Offsetting: The object is represented as both unions and intersections of half-planes. I _think_ that if you keep the boolean combination of these the same and just move them all by the offset distance you always get the right answer. But maybe BeagleFury has a counterexample. Can you draw it?

Two heads - the ultimate RepRap design will have a whole row of heads and go and pick up whichever is needed next...

Two heads - the ultimate RepRap design will have a whole row of heads and go and pick up whichever is needed next...

*** But maybe BeagleFury has a counterexample. Can you draw it? ***

Sorry - you have on the reprappers blog. Can't check everything at once!

Yes - that problem goes away completely with a CSG representation. The offset shape eventually falls (correctly) into two disjoint shapes.

Sorry - you have on the reprappers blog. Can't check everything at once!

Yes - that problem goes away completely with a CSG representation. The offset shape eventually falls (correctly) into two disjoint shapes.

Yes. The example on the reprappers blog illustrates the issue with acute inner angles. Without clipping the inner angles, you introduce seams / weak point into models that otherwise could have been printed without the weaker joint (if you clip the interior angles.)

The perfect curve, if it could be found, is the set of all points C such that C an element of the polygon, and |X-C| = d for any point X not in the polygon, where d is 1/2 the thread width and |P| is the length of vector P. Your solution is correct everywhere except for acute angles. I wonder if one could add some circles with diameter d at acute inner angle vertices, and figure out the appropriate boolean intersection with the lines to add in the acute angle clipping without the fancy stuff I did with vector algebra. I'll think about it a little.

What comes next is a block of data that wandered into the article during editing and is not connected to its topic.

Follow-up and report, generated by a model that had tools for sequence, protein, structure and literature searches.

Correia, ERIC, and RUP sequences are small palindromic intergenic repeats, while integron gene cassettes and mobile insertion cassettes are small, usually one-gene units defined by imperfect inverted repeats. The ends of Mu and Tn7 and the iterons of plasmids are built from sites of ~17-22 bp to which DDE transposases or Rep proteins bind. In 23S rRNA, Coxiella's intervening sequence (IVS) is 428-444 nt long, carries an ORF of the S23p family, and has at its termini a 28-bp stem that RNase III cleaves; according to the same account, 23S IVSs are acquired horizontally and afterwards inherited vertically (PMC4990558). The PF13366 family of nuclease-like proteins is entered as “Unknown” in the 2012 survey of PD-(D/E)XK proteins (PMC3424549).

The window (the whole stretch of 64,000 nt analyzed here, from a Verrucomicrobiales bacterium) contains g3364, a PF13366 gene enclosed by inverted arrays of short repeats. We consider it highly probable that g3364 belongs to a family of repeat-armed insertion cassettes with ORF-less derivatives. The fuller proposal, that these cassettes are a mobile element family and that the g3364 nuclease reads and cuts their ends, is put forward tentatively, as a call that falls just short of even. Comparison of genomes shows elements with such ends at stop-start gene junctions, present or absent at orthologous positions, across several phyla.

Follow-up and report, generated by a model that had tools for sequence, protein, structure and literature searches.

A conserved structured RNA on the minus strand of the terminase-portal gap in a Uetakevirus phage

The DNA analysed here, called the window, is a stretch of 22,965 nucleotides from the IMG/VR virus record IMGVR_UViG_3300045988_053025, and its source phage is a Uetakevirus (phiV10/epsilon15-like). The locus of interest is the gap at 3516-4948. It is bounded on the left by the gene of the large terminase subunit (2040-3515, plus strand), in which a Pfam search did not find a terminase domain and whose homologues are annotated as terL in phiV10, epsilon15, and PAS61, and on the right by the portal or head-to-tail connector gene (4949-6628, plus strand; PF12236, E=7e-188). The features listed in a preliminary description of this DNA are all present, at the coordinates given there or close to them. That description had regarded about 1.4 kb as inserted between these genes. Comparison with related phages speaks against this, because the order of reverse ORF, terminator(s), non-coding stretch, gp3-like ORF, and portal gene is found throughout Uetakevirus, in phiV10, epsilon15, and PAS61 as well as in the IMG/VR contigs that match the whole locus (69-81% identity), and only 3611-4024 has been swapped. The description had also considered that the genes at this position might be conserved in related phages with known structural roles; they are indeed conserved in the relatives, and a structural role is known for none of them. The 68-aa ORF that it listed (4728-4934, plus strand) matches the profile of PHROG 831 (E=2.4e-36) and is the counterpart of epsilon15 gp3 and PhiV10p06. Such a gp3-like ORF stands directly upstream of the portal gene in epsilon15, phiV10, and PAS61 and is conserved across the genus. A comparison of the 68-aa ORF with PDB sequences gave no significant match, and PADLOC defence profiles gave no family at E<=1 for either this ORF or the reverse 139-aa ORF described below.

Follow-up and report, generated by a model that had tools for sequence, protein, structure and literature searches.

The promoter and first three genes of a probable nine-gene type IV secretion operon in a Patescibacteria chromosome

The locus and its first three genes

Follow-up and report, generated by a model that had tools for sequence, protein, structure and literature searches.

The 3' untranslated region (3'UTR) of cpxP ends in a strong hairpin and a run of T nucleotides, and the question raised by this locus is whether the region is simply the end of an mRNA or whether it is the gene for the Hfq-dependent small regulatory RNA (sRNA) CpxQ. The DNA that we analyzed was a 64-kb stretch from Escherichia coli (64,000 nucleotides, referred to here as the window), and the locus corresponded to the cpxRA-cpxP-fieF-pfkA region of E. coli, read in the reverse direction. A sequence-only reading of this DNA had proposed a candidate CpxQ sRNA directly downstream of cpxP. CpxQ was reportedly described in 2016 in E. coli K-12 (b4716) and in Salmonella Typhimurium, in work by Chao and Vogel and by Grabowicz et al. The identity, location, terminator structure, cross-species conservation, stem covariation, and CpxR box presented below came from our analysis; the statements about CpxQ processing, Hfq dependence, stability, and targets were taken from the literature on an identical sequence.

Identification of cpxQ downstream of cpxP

This would be a pretty good solution, because the reprap hardware should be able to print lines and partial-circles using only integer addition and comparison.

The perfect curve, if it could be found, is the set of all points C such that C an element of the polygon, and |X-C| = d for any point X not in the polygon, where d is 1/2 the thread width and |P| is the length of vector P. Your solution is correct everywhere except for acute angles. I wonder if one could add some circles with diameter d at acute inner angle vertices, and figure out the appropriate boolean intersection with the lines to add in the acute angle clipping without the fancy stuff I did with vector algebra. I'll think about it a little.